Crisis-driven online exam shift ‘chance to boost academic integrity’

Integrity benefits of remote assessment via tech and change in attitudes outweigh the drawbacks, experts say

April 15, 2020
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Higher education’s online shift, driven by the coronavirus pandemic, will reduce the incidence of cheating and plagiarism among students, according to a leading academic integrity expert, while others praise the capacities of remote invigilation technology.

The coronavirus crisis has been described by some as a “perfect storm” for contract cheating. But Cath Ellis, associate dean of education at UNSW Sydney and a researcher in the field of academic integrity with a particular interest in contract cheating, said that on balance, the pandemic’s influence on integrity would be more positive than negative.

She said its pernicious effects were likely to be outweighed by heightened awareness of integrity issues, reduced reliance on traditional exams and improved detection thanks to the “digital fingerprint” of online education.

“There might be new and possibly more opportunities to cheat than there were before,” said Dr Ellis. “There might be new and more temptations to cheat. But, in many ways, nothing’s changed. Scrutiny of student behaviour should be no different to what it ordinarily is.”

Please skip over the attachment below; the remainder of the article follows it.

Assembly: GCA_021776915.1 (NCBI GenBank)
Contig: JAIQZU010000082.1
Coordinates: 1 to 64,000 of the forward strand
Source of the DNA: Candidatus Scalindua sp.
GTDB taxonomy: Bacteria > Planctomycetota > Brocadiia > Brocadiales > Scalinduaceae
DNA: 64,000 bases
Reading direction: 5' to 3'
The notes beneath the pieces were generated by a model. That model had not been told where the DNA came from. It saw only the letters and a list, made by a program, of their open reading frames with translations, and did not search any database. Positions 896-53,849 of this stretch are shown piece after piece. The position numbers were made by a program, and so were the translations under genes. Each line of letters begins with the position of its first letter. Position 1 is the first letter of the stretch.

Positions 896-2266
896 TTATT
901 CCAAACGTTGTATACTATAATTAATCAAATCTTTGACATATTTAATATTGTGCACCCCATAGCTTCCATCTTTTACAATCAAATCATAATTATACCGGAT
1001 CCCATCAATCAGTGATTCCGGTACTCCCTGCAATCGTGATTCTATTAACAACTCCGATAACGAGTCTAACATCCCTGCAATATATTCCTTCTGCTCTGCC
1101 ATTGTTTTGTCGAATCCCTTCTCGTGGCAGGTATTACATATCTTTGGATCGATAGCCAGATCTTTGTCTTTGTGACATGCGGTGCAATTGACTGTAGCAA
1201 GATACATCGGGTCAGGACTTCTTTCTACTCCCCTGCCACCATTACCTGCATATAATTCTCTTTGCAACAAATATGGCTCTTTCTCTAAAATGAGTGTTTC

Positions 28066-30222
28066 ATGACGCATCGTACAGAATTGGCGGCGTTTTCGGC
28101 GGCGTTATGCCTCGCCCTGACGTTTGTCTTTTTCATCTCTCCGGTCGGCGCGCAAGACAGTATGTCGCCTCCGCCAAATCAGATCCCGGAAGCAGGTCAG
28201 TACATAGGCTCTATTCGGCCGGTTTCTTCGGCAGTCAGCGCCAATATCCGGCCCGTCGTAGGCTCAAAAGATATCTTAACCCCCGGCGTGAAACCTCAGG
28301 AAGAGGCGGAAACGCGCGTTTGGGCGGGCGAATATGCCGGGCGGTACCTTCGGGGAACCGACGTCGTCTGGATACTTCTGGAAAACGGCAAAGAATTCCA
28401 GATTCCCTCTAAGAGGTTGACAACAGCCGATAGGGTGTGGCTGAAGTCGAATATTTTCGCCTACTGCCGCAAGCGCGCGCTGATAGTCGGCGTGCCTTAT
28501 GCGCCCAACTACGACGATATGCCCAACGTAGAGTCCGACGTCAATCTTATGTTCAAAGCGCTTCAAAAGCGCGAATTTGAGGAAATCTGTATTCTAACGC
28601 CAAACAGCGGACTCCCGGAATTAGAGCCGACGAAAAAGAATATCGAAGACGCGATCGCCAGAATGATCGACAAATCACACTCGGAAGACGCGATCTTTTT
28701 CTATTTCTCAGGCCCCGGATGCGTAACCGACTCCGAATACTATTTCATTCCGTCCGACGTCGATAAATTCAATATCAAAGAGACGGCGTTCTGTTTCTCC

Northern hemisphere universities fear an explosion in academic misconduct as they approach the end of the academic year with little prospect of staging face-to-face examinations. But Dr Ellis said the backup tests cobbled together around the world could turn out to be a blessing in disguise.

She said there was a “misplaced trust” that cheating could be overcome by “putting students into great big exam halls” where they were eyeballed by “people with squeaky shoes walking between the aisles”.

“Students have always cheated in exams,” Dr Ellis said. “Our research showed it is still the place where most contract cheating is happening. In some ways, moving them online is giving us better access to information about their behaviours than we would otherwise have.”

Nevertheless, academics should “continue looking for patterns of behaviour that are concerning and put energies into detection”, she added.

The University of New England (UNE), a long-standing specialist in distance education, has been moving its exams online since 2017. Its plan to make remote exams the default option by the end of this year has been expedited, with all tests now conducted online.

“We’ve basically done a 10-month change project in two weeks,” said Jennifer Lawrence, programme director for academic success. “With the shift to online invigilation, a lot of people are very nervous about academic integrity. But my experience has been that it’s much more secure.”

She said “high stakes” exams were delivered using remote invigilators via US-based company ProctorU. Students, who typically take the tests at home, must use their webcams to show that they have not smuggled in materials that could give them an unfair advantage.